Late Romantic Music for Cello and Piano

Parry Karp

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Late Romantic Music for Cello and Piano Review

by Mike D. Brownell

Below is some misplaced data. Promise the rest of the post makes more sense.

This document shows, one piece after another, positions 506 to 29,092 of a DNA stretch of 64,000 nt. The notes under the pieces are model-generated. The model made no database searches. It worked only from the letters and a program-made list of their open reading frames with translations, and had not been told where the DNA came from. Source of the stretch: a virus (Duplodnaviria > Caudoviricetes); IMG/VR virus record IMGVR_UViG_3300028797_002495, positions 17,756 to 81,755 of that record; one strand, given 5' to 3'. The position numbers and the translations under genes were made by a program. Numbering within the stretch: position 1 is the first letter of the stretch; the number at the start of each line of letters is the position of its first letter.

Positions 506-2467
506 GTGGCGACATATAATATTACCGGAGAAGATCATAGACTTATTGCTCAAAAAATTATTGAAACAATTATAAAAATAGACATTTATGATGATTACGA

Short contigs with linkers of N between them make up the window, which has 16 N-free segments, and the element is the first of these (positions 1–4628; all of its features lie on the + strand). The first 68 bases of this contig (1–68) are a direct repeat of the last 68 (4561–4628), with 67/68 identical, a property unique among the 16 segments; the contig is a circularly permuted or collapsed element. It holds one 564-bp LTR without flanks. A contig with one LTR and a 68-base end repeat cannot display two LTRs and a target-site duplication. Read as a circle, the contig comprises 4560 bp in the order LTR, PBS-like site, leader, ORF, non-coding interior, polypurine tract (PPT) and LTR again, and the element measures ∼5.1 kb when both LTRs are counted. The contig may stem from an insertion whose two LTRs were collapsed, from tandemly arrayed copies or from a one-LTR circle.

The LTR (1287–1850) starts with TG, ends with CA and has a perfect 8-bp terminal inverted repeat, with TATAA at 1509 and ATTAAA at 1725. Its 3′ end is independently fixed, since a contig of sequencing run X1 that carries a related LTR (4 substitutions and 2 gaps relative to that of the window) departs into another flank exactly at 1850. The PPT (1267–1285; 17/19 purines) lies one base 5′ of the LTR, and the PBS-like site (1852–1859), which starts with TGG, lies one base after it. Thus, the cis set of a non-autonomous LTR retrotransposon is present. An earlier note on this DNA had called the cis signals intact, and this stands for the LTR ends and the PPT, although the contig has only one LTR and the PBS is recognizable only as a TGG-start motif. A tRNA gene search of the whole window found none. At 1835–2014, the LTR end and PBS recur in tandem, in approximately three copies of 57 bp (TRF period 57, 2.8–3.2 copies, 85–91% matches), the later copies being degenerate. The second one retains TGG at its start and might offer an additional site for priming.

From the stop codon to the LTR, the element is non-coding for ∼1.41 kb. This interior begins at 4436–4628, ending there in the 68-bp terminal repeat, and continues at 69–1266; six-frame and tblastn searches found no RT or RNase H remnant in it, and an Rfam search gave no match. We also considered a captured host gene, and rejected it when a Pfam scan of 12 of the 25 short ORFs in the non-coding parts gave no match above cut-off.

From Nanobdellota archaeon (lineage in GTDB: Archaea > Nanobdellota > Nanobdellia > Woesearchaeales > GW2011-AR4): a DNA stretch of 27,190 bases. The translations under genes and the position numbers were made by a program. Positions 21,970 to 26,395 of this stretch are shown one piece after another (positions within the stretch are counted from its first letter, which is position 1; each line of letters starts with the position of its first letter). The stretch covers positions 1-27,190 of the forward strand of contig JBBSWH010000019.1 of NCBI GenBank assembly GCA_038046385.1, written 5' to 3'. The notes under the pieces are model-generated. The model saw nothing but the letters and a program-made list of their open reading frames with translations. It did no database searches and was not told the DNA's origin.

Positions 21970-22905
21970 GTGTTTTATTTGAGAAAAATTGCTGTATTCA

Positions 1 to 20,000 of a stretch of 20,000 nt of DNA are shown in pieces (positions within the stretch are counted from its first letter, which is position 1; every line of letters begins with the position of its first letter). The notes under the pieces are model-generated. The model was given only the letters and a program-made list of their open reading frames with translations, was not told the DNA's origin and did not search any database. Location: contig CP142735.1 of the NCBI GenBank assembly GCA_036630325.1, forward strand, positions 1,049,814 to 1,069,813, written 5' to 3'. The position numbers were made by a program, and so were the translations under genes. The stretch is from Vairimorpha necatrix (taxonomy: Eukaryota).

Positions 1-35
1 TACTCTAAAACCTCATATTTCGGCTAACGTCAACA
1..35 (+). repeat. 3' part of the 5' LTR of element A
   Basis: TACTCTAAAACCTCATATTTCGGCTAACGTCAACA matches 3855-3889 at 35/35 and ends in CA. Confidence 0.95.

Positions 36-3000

Cellist Parry Karp and pianist (and father) Howard Karp, offer listeners this two-disc set of late Romantic works for cello and piano that they have labeled "unjustly neglected." The program concludes, however, with the Rachmaninoff cello sonata -- one of the most popular and frequently performed works in the repertoire -- perhaps in an effort to offer something familiar along with all of the unfamiliar pieces. Disc 1 takes us first to England with the brooding cello sonata of John Ireland whose compositional language is somewhat reminiscent of Frank Bridge. A quick hop across the English Channel brings us to France and Albéric Magnard's emotional and rhythmically driven sonata, which is perhaps the most engaging and convincing work in the set. The last of the featured "neglected" works is the second sonata of Romanian composer George Enescu. Like the Ireland sonata, Enescu's work relies heavily on folk melodies. Whether any of these sonatas deserve to be placed alongside the works of Beethoven, Brahms, Mendelssohn, or Prokofiev will be a matter of personal preference. Karp's performances generally do an adequate job of maintaining the listener's interest, not an easy task with almost all unfamiliar works. His sound, however, does not exemplify a "Romantic cello sound." It is somewhat thin and piercing rather than warm and well-rounded. Still, his efforts to broaden the cello's repertoire are appreciated and listeners looking for something new and different will doubtlessly enjoy this album.

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